Cystic Fibrosis (CF)…
Imagine a progressive disease of breathing problems so severe your only chance is a double lung transplant—requiring a person newly deceased and with previously approved permission to donate body parts—an operation you may not survive.
That’s just the beginning; also, there are digestive difficulties: your body can’t absorb enough nutrients, so that you are starving even as you eat.
Expect constant pain in your face: sinusitis.
Early osteoporosis (bone thinning) and liver disease.
Reproductive problems: in a male the vas deferens (tube-like connection between penis and testicles) is absent, so the sperm cannot travel. Women often have a difficult time getting pregnant.
As a side effect, you may get diabetes. (Hard to believe this is just one disease!)
To stay alive? You need respiratory therapy, two to six hours every day, no days off—and even so, you will almost certainly die young.
That’s Cystic Fibrosis.
In 2003, in the struggle to pass California’s stem cell initiative, Proposition 71, I heard a really excellent speaker talk about this nightmare disease. It struck home to me, because I had bronchitis as a child. When she described breathing through mucous-narrowed airways like sucking air through a straw, I understood that.
But Cystic Fibrosis is so much more.
In CF, thick heavy mucous clogs the lungs, so much you have to use a mechanical vest. This thumps the chest and helps dislodge the mucous so you can cough it up. Prior to the invention of the vest, you would have to rely on others to pound on your chest and back, two or three times a day.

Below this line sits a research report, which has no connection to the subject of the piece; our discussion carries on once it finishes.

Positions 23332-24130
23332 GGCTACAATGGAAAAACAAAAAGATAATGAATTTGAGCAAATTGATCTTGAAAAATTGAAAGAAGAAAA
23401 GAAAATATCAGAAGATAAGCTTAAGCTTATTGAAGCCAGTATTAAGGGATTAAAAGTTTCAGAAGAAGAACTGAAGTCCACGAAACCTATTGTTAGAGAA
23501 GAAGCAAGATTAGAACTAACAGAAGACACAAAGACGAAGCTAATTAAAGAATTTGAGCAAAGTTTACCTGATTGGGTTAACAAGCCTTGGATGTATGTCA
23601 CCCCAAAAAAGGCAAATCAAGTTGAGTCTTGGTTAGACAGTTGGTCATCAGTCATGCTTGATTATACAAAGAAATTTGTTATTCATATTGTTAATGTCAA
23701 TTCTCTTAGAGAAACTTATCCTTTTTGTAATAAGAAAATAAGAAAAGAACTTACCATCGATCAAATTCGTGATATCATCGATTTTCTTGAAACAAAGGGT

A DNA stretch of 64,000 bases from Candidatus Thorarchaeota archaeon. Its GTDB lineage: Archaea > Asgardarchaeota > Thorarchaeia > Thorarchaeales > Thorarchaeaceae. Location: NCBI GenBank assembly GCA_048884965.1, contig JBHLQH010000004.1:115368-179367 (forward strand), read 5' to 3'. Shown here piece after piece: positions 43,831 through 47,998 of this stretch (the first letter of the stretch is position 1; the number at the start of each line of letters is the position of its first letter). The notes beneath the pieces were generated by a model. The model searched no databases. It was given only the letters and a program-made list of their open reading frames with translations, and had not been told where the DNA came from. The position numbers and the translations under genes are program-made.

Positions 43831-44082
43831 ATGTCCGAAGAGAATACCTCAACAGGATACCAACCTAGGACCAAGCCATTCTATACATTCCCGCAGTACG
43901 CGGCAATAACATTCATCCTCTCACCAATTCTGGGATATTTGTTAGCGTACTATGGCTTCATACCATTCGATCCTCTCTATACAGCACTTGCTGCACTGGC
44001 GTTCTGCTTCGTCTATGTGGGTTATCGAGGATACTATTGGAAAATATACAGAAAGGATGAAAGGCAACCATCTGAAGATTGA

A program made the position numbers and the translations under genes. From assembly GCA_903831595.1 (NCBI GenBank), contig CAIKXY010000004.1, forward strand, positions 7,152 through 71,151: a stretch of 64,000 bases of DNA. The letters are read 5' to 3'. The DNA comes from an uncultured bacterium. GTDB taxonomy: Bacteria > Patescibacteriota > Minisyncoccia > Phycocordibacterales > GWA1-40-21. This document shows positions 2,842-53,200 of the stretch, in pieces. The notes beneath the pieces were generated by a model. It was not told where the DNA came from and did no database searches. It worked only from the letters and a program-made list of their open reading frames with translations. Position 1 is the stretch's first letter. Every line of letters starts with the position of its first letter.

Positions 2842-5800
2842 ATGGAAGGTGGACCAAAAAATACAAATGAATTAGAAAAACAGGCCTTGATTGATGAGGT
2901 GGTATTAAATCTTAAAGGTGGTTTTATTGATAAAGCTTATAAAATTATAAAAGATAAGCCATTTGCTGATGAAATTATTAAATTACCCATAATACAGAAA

A few days ago, when I was looking up information about CF, I ran across a speaker with an unusual name, Siri Vaeth… it was her, the excellent speaker!
Currently the Programs and Outreach Manager for an organization called the Cystic Fibrosis Research, Inc. (CFRI), Siri Vaeth was still doing what she had been doing then, advocating for patients.
For her, it was personal.
“My daughter Tess was diagnosed with cystic fibrosis in 1995 when she was five months old. In addition to her extreme failure to thrive, she developed pneumonia. I have feared for her survival ever since…
“(Because of lung infections) she has had multiple lengthy hospitalizations … five plus surgeries, and countless multi-week intravenous treatments.
“She takes nearly 50 pills a day, injects insulin to manage CF-related diabetes…and spends a minimum of two hours a day doing respiratory therapy.
“But she is a warrior, powering her way through the physical challenges, pursuing her life goals.”
As for her organization, Cystic Fibrosis Research Inc., Siri says it has been:
“a tremendous resource and…community for me since Tess’ diagnosis…We provide programs to the nationwide CF community. We fund innovative research, we advocate on…the state and federal level, providing educational conferences, podcasts and printed resources…counseling, support groups, Mindfulness-based Stress Reduction classes—we are small but mighty!”.—Siri Vaeth, personal communication.
This post originally appeared on HuffPost.
Don C. Reed is Vice President of Public Policy for Americans for Cures, and he is the author of the forthcoming book, CALIFORNIA CURES: How California is Challenging Chronic Disease: How We Are Beginning to Win—and Why We Must Do It Again! You can learn more here.